My personal favorite was the fax machine. The device then cost upwards of $15,000 a unit, and, get a load of this: you could stick a document in, dial a number and then, assuming the proposed recipient also had a fax machine in some other part of the world, the recipient would receive an exact copy, printed out on long endless rolls of wax paper – at the amazing rate of four minutes a page. Long documents produced a ribbon of wax paper that might stretch to the size of a football speed.

Then ultimately, two decades before the Internet, PC’s, which actually was my second favorite, since prior to the early 90’s, virtually no lawyer had a clue as to what they were or how to use them.

All of these innovations, and many, many more had a few things in common:  One, at first, only the largest and best firms initially acquired these marvels. Second, anybody then over the ripe old age of 40 resisted each change. Smaller and midsize firms refused to invest in these technologies. The “older” generation swore they would never use them. But, slowly, and I do mean very slowly, each (and others not mentioned here) became regular tools of the trade.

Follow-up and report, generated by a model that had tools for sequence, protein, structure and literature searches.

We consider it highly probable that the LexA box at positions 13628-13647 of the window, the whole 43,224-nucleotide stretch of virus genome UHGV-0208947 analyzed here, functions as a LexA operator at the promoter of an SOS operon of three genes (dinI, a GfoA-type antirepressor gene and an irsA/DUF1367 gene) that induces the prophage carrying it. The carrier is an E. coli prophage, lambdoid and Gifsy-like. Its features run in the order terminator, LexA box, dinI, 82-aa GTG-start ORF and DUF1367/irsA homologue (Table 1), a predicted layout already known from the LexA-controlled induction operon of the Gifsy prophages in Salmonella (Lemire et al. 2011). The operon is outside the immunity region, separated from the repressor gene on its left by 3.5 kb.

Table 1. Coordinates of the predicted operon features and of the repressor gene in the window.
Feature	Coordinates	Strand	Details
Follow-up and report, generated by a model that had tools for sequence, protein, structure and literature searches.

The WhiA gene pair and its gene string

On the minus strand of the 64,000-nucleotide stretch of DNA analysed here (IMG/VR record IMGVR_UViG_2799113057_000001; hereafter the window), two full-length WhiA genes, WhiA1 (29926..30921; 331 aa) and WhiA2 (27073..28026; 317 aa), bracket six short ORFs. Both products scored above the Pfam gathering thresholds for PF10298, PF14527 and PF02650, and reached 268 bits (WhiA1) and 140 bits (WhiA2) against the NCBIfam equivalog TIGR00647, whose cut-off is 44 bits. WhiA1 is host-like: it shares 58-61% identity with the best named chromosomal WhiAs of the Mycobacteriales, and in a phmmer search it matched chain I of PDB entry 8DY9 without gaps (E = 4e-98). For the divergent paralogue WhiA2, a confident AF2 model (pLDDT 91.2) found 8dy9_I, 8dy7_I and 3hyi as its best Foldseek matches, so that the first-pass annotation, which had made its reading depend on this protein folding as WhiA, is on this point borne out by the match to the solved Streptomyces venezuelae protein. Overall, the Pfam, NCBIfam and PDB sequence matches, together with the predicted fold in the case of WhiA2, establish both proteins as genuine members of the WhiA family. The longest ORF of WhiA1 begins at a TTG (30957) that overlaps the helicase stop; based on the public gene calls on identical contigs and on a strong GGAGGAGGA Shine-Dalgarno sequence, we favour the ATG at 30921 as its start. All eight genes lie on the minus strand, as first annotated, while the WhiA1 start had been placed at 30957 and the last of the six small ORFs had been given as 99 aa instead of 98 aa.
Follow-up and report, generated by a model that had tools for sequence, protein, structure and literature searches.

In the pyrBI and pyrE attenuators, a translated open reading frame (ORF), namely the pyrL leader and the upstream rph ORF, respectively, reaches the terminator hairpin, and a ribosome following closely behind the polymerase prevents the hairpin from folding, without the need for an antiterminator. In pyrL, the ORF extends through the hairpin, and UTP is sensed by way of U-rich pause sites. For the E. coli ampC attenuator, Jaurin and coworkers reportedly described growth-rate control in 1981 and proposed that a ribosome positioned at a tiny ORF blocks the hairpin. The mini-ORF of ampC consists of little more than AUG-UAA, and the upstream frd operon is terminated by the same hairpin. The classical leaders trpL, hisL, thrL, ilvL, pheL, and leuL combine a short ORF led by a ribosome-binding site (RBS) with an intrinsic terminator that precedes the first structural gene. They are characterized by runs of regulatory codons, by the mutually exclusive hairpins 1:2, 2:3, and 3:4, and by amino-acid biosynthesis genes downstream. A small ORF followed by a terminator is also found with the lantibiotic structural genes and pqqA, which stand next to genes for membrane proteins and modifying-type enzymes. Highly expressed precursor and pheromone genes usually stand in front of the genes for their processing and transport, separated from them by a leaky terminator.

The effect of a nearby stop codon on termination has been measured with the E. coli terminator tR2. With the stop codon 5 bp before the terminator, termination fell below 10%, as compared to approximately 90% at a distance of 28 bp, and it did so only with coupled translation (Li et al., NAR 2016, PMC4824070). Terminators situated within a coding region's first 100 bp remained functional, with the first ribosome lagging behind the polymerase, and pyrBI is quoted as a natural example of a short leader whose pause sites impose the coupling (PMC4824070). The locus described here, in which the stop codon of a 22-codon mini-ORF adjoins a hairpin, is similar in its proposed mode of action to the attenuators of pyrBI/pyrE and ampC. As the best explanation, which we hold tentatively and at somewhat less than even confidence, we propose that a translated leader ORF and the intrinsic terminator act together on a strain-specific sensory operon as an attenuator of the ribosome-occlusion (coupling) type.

As I said, faxes were one of my favorites. It was initially a sign of enormous prestige for a law firm to boast a fax number on its letterhead. Most still had cable addresses (if you don’t know what these are, ask your parents). Fax use spread at a snail’s pace. An older acquaintance, a single New York practitioner, an old family friend, finally succumbed to the pressure of an important client in Pittsburgh and invested $1,000 and purchased one. He had his mail room person unpack the contraption, read the instructions and install the device. Later that day, the lawyer dictated a long letter to his secretary, who used Pittman shorthand, who then transcribed it, using carbon paper for the two required office copies (who remembers this 0 and 2?).  Changes and typos were made by cutting and pasting. The lawyer summoned the mailroom guy and bellowed (proudly) “fax this letter to Pittsburgh.”